Bonham in Fannin County, Texas — The American South (West South Central)
Spanish-American War Memorial
in honor of the victories
of the American Navy
over the Spanish Navy
at Manila, May 1, 1898, under Dewey,
and Santiago De Cuba, July 3, 1898,
under Sampson and Schley.
Topics. This memorial is listed in this topic list: War, Spanish-American.
Location. 33° 34.637′ N, 96° 10.724′ W. Marker is in Bonham, Texas, in Fannin County. Memorial is on East Sam Rayburn Drive (State Highway 56) west of North Center Street, on the right when traveling west. Marker is located front of the main south courthouse entrance to the Fannin County Courthouse. Touch for map. Marker is at or near this postal address: 101 East Sam Rayburn Drive, Bonham TX 75418, United States of America. Touch for directions.
Other nearby markers. At least 8 other markers are within 6 miles of this marker, measured as the crow flies. Fannin County Courthouses (here, next to this marker); James Butler Bonham (within shouting distance of this marker); Fannin County (within shouting distance of this marker); Bonham Daily Favorite (about 400 feet away, measured in a direct line); John Wesley Hardin (about 400 feet away); Bailey Inglish (approx. 0.6 miles away); Arledge Ridge Cemetery (approx. 4.1 miles away); Ector Lodge No. 687, A. F. & A. M. (approx. 5.4 miles away). Touch for a list and map of all markers in Bonham.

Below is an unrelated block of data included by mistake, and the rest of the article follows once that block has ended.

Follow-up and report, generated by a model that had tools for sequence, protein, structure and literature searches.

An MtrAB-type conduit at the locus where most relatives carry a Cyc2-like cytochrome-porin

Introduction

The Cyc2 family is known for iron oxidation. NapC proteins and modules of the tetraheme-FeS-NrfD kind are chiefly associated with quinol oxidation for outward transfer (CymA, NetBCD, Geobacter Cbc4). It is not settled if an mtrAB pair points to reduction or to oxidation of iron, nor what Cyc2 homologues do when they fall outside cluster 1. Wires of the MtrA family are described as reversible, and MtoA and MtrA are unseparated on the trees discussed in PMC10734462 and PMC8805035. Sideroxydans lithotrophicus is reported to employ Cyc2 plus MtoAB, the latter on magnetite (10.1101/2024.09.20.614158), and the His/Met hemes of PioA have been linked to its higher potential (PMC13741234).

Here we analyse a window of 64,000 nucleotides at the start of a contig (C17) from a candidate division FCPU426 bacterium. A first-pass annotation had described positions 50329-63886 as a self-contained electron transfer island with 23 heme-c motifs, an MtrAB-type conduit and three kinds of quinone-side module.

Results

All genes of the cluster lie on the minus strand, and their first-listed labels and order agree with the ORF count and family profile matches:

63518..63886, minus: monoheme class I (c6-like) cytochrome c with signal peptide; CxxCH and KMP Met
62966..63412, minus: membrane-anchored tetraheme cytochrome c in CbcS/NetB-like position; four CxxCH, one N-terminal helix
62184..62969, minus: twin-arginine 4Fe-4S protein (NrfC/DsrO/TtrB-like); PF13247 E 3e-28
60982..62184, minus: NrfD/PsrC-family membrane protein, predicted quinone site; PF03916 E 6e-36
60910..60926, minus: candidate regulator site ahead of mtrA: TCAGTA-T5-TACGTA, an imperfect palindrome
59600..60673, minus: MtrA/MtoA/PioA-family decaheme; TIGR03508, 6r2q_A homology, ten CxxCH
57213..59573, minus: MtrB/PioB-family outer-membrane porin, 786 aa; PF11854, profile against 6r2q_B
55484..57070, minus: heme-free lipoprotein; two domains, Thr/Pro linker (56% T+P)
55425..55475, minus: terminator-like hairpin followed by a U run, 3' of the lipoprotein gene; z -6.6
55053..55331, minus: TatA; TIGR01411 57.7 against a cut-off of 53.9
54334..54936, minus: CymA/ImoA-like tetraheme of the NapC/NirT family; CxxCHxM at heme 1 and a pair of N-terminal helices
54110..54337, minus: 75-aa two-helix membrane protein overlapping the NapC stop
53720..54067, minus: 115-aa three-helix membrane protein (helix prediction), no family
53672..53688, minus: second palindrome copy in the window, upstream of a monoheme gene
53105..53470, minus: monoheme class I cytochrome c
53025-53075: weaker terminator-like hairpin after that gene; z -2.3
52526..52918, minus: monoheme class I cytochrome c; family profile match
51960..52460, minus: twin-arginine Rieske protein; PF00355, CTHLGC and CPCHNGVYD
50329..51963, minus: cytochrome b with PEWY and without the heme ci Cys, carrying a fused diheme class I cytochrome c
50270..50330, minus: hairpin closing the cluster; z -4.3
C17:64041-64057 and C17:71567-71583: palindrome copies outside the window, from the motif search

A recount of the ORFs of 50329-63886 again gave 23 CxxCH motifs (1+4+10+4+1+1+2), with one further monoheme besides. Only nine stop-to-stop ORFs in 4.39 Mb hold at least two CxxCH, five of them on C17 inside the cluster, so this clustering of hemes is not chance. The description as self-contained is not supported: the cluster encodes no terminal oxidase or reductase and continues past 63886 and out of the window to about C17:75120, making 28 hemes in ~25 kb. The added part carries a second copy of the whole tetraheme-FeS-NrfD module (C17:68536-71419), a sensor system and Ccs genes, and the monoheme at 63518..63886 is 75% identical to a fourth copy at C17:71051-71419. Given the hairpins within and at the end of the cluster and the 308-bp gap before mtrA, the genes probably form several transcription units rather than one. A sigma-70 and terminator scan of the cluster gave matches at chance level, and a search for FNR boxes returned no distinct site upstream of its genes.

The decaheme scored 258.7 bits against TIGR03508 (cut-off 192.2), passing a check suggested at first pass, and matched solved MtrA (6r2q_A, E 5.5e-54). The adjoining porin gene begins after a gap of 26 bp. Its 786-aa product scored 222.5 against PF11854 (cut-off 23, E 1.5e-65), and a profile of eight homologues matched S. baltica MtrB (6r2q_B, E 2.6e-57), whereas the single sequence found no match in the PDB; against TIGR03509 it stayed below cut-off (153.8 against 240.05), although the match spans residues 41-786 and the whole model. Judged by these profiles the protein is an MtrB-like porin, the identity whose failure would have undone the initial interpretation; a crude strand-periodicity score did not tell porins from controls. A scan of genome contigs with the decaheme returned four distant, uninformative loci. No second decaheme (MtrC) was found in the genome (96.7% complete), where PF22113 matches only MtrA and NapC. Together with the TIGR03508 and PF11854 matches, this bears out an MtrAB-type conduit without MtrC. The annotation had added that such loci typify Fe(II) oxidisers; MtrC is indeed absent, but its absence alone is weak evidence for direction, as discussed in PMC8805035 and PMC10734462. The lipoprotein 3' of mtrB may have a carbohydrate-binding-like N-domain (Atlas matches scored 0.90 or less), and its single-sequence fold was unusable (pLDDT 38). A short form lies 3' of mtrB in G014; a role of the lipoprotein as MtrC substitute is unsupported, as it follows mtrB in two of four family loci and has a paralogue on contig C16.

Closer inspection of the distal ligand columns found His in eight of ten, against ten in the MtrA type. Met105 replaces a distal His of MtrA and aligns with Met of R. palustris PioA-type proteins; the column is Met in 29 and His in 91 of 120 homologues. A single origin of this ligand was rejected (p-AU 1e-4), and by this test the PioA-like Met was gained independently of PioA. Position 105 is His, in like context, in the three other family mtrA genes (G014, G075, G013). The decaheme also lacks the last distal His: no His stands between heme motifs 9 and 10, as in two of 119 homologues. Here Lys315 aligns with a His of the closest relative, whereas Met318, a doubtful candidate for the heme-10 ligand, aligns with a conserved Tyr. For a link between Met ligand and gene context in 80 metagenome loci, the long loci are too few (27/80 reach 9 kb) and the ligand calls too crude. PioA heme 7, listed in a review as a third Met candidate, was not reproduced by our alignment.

Also see . . .
1. Battle of Manila Bay. On May 1, 1898, at Manila Bay in the Philippines, the U.S. Asiatic Squadron destroyed the Spanish Pacific fleet in the first major battle of the Spanish-American War. At around 5:40 a.m., Dewey turned to the captain of his flagship, the Olympia, and said, “You may fire when ready, Gridley.” Two hours later, the Spanish fleet was decimated. In 1903, George Dewey became the only U.S. naval officer ever promoted to the rank of admiral of the Navy. (Submitted on January 15, 2019, by Cosmos Mariner of Cape Canaveral, Florida.)
2. Battle of Santiago de Cuba. On May 19, 1898, a month after the outbreak of hostilities between the two powers, a Spanish fleet under Admiral Pascual Cervera arrived in Santiago harbour on the southern coast of Cuba. The Spanish fleet was immediately blockaded in harbor by superior U.S. warships from the U.S. squadrons in the Atlantic, under Rear Admiral William T. Sampson and Commodore Winfield S. Schley. By July, however, the progress of U.S. land forces in Cuba put Cervera’s ships at risk from the shore. The Spanish admiral decided to attempt a breakout. On 3 July, four cruisers and two destroyers steamed out of Santiago de Cuba. Losses: Spanish, 474 dead or wounded, 1,800 captured, all 6 ships lost; U.S., 1 dead, 1 wounded, no ships lost of 8. Two weeks later Spain surrendered Santiago de Cuba. The U.S. victory ended the war, suppressed all Spanish naval resistance in the New World, and enhanced the reputation of the U.S. Navy. (Submitted on January 15, 2019, by Cosmos Mariner of Cape Canaveral, Florida.)
Credits. This page was last revised on January 17, 2019. It was originally submitted on January 14, 2019, by Cosmos Mariner of Cape Canaveral, Florida. This page has been viewed 69 times since then and 16 times this year. Photos: 1, 2. submitted on January 14, 2019, by Cosmos Mariner of Cape Canaveral, Florida. • Bernard Fisher was the editor who published this page.